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As it is with most Sporting Dogs, the English Setter is highly intelligent, eager to please, loyal and affectionate. This combination makes for the perfect companion with one caveat; you must allow him the space to dispel his energy. They are not typically large dogs weighing between 45 to 70 pounds which can be misleading and make someone think they may make a great indoor dog but that is not usually the case with an English Setter.
History of The English Setter
The English Setter, originally called a Setting Spaniel dates back to the 14th century. Officially recognized by the AKC in 1884. English Setters would work out in front of the hunter freely covering the grounds and looking for birds. Once a bird was found they would crouch like a cat and remain motionless often lifting their paw in the direction of the birds, historically this was called setting, hence the original name, Setting Spaniel. The hunters would then lay nets so that the dogs could drive the birds into the nets. Later when the gun replaced the net the name Setting Spaniel was replaced with Setter. Because the original Setters were owned by rich families of English nobility the setters were bred and honed to suit these “spoiled” hunters. Fortunately for us, because of their diligence and persistence through the years breeders have been able to keep the exceptional blood lines in tact.
English Setters make the perfect family dog. Often having a quiet gentle way with very young children. English Setters are so mellow and gentle that they can even be trusted with a baby. Many owners’ claim that their Setter is in more danger around a toddler than the toddler is around the dog, often being too tolerant of children and allowing the child to hurt them.
English Setters make excellent upland hunting dogs. Their most popular hunting use is for grouse and woodcock. However, their upland skills have been proven over and over again on almost every species of game bird. Because of the English Setter’s high spirits and high energy he will need a dedicated trainer. They usually are very responsive to training collars and will learn very quickly what he’s supposed to do. Yelling and using harsh corrections will often have the opposite effect. They are not typically known as being the most obedient hunting dogs out there, but they excel when properly trained and are known to make the right decision in a situation where you aren’t right there to tell them what to do. Hunting comes rather natural to the English Setter so training him to actually hunt isn’t usually even necessary, teaching him the commands might give you a challenge, but the hunting he can do all on his own.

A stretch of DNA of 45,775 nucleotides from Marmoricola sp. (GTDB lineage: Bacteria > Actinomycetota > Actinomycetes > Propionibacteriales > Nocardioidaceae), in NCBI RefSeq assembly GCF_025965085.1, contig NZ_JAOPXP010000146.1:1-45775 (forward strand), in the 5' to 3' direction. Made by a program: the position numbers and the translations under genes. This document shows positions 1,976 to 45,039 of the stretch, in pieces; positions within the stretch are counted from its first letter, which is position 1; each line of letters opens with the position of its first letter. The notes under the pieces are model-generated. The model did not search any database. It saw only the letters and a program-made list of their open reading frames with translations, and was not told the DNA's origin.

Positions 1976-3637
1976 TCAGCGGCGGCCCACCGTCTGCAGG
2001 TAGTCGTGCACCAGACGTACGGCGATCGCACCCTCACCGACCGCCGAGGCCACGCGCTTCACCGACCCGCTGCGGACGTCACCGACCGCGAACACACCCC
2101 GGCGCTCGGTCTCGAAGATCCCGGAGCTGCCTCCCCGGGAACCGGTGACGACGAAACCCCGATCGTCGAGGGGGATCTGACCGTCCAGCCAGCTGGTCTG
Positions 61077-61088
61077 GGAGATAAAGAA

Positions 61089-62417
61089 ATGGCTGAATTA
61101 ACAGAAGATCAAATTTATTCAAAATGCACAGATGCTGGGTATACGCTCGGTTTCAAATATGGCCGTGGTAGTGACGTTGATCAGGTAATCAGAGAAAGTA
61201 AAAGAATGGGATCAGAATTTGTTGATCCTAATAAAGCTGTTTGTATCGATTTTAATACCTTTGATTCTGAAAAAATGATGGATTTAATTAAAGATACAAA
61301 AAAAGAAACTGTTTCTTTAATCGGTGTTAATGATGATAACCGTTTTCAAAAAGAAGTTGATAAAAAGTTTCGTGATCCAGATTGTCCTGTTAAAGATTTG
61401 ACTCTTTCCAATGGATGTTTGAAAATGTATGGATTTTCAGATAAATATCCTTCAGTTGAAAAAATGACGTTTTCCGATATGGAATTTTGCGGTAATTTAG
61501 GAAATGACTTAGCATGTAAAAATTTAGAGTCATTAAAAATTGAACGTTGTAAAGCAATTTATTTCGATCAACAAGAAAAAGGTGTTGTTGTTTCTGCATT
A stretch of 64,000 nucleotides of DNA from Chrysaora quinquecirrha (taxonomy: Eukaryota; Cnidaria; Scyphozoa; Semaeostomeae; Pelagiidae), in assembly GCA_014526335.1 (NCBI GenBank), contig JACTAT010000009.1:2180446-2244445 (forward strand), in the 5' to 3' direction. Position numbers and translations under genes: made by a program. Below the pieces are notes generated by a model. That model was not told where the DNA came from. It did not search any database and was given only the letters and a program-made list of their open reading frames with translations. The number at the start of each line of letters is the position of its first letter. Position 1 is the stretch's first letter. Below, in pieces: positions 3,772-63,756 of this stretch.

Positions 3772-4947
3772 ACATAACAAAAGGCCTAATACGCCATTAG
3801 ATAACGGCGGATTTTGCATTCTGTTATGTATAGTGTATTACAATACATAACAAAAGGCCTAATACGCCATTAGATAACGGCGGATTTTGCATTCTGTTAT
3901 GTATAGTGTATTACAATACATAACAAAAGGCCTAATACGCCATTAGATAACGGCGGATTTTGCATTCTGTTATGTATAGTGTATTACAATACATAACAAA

Who Should Consider An English Setter?
The only real issue with properly trained English Setters is their need for space. They just do not make good kennel dogs.They are not typically large dogs weighing between 45 and 70 pounds which can be misleading and make some owners think they are small dogs and that small dogs need little space. However, they need a place to run every single day and do well in fenced in yards. Nevertheless, they love the freedom of the open countryside and will thrive when able to burn off excess energy at their leisure. It is not impossible to have a healthy English Setter that dwells in confinement, but it is absolutely necessary for you to allow him to run every day.
The English Setter has that beautiful “sporting dog” elegance that includes a soft shiny coat. Their silky hair is fairly easy to take care of, but does require regular grooming. If left unkempt their fur will form mats and knots and can lead to skin problems. Given the grooming requirements a English Setter is not the best dog for someone who doesn’t enjoy frequent brushing.
The typical lifespan of an English Setter is around 12 years of age. They don’t usually start slowing down until about 9 years old so you can expect an pretty active dog for quite awhile. So the energetic puppy stage that many dog owners look forward to winding down, will not wind down for a long time.